Aug 30 2011
Pittsburgh Symphony players fanned out all over the city after arriving this afternoon on a Nike Air flight from Vilnius. The airline has partnered with the famous Demel’s delicatessen in Vienna. Our charter flight featured an elegant cheese sandwich on Bauernbrot, or brownbread, with thin slices of green pepper. The stewardesses wore fashionable uniforms with hot pink accents including a hat which they removed once the flight got moving.
I bumped into the PSO’s Principal Piccolo, Rhian Kenny, who is looking forward to connecting with one of her daughters in Europe.
I bought a copy of Marvin Hamlisch’s soundtrack for The Spy Who Loved Me – the Italian version, La Spia Che Mi Amava – from the used-record bin at the Vienna State Opera. Marvin has promised to join us for RADical Days in QED’s downtown Byham Studio in October.
He’s been a great sport to join us live for the last five years. The checkout lady recommended the Cafe Frauenhuber when I asked for her favorite coffee shop. It’s just a block from the most famous Viennese landmark, the Stephansdom, which was dark on Tuesday night except for the hundreds of votive candles in the outer lobby. The distant altar was dimly lit. Outside, the façade was under massive scaffolding for reconstruction.
The Cafe Frauenhuber, located on Himmelpfortgasse, is one of the older cafés in Vienna. The Kaiserschmarren was terrific. Pancakes with raisins, chopped up and covered with powdered sugar and raspberry sauce. The Vienna mélange features coffee and steamed cream.
Newspapers from all over the German-speaking world were available, kept in the ingenious paper holders that have been in use for a century. Vienna’s Die Presse featured a large photo of Einstein with an article about why more women don’t go into the sciences. I thought of a similar recent conversation I had with Rebecca Lucore of our sponsor, Bayer Corporation. Getting women into the world of science research has been a major agenda item at the company for decades. You can look up the interview as audio-on-demand at wqed.org
The TV listings in Vienna’s Der Kurier featured a special box on Charles Bronson, who died on August 30, 2003. He was born near Johnstown and went on to star in Death Wish and dozens of famous tough-guy films.
An amazing scene surrounded the grand opening of the fashion retailer Peek & Cloppenburg just a few steps down the Kaertnerstrasse. TV crews followed the arrival of model after model along with German and Austrian TV and film stars. Hundreds of folks stood around to watch.
The streets were crowded with tourists and Viennese regulars enjoying a beautiful evening. Some stopped for a sausage at one of the many wurst stands.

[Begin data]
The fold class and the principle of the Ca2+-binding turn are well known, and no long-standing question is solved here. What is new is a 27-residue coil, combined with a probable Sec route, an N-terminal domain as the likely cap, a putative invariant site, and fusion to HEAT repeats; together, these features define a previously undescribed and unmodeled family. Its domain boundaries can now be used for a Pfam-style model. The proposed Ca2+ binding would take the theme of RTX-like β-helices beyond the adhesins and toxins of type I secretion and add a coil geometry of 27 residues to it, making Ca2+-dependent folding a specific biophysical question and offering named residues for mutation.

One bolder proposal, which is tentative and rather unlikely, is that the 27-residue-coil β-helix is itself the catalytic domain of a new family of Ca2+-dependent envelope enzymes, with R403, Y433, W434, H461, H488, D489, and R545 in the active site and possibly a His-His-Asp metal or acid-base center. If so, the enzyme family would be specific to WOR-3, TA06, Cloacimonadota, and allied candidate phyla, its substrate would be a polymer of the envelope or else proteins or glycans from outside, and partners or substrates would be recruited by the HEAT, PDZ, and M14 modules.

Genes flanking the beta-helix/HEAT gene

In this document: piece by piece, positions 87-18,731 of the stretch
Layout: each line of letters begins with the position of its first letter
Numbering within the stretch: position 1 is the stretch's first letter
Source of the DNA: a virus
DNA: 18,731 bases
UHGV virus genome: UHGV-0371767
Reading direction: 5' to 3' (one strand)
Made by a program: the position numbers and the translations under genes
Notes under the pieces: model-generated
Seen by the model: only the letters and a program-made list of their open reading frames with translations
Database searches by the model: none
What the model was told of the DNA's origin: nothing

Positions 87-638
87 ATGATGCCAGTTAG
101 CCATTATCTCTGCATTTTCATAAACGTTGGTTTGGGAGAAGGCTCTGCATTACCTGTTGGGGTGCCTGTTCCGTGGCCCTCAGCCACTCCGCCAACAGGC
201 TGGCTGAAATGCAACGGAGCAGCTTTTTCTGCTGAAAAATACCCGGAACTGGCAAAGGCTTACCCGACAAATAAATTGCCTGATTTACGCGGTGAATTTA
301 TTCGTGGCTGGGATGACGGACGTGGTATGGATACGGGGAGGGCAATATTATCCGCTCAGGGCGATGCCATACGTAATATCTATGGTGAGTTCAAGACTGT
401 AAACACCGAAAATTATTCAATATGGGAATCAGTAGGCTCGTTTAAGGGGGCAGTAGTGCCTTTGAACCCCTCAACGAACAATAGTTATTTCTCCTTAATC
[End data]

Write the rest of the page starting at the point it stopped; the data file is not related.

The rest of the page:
Heading back to the hotel, I found Principal Percussionist Andrew Reamer and his wife, Pittsburgh Post-Gazette columnist Ruth Anne Dailey, who has a few weeks free from deadlines. She told me it’s her first time in Vienna. I asked her what recent column had provoked the most response. It was the item she wrote on the privatization of the PA State Store system. Johann Strauss II immortalized Wine, Woman, and Song in one of his waltzes. The Viennese, with their convivial heurige (wine taverns) producing and serving new wines just a few blocks away in the suburb of Grinzing, provide evidence here in Austria of how privatization can aid the economy.
One of the last new CD stores standing, the EMI store here in Vienna, featured new releases by Amy Winehouse, and British actor Hugh Laurie, who stars in the TV series, House. I considered a box set of Franz Kafka stories, but the fine points would be lost with my rudimentary German … as appealing as the idea is to be listening to Kafka while stuck on the Parkway. And why would I do that anyway, when I can listen to QED 893? In the window at the Opera was a new DVD of the opera Anna Nicole, by Mark Anthony Turnage, packaged with six postcards of the Royal Opera production. Among the books in the opera shop on Herbert von Karajan Platz was The Mahler Letters by Stephen McClatchey, published by Oxford University Press, containing letters from Budapest, Vienna and Hamburg during the composer’s years at the opera houses in those cities. Gustav Mahler is buried nearby in Grinzing, and the Pittsburgh Symphony will keep his spirit alive by playing his Fifth Symphony at the Grafenegg Festival on Friday night, one hundred years after Mahler’s death in 1911.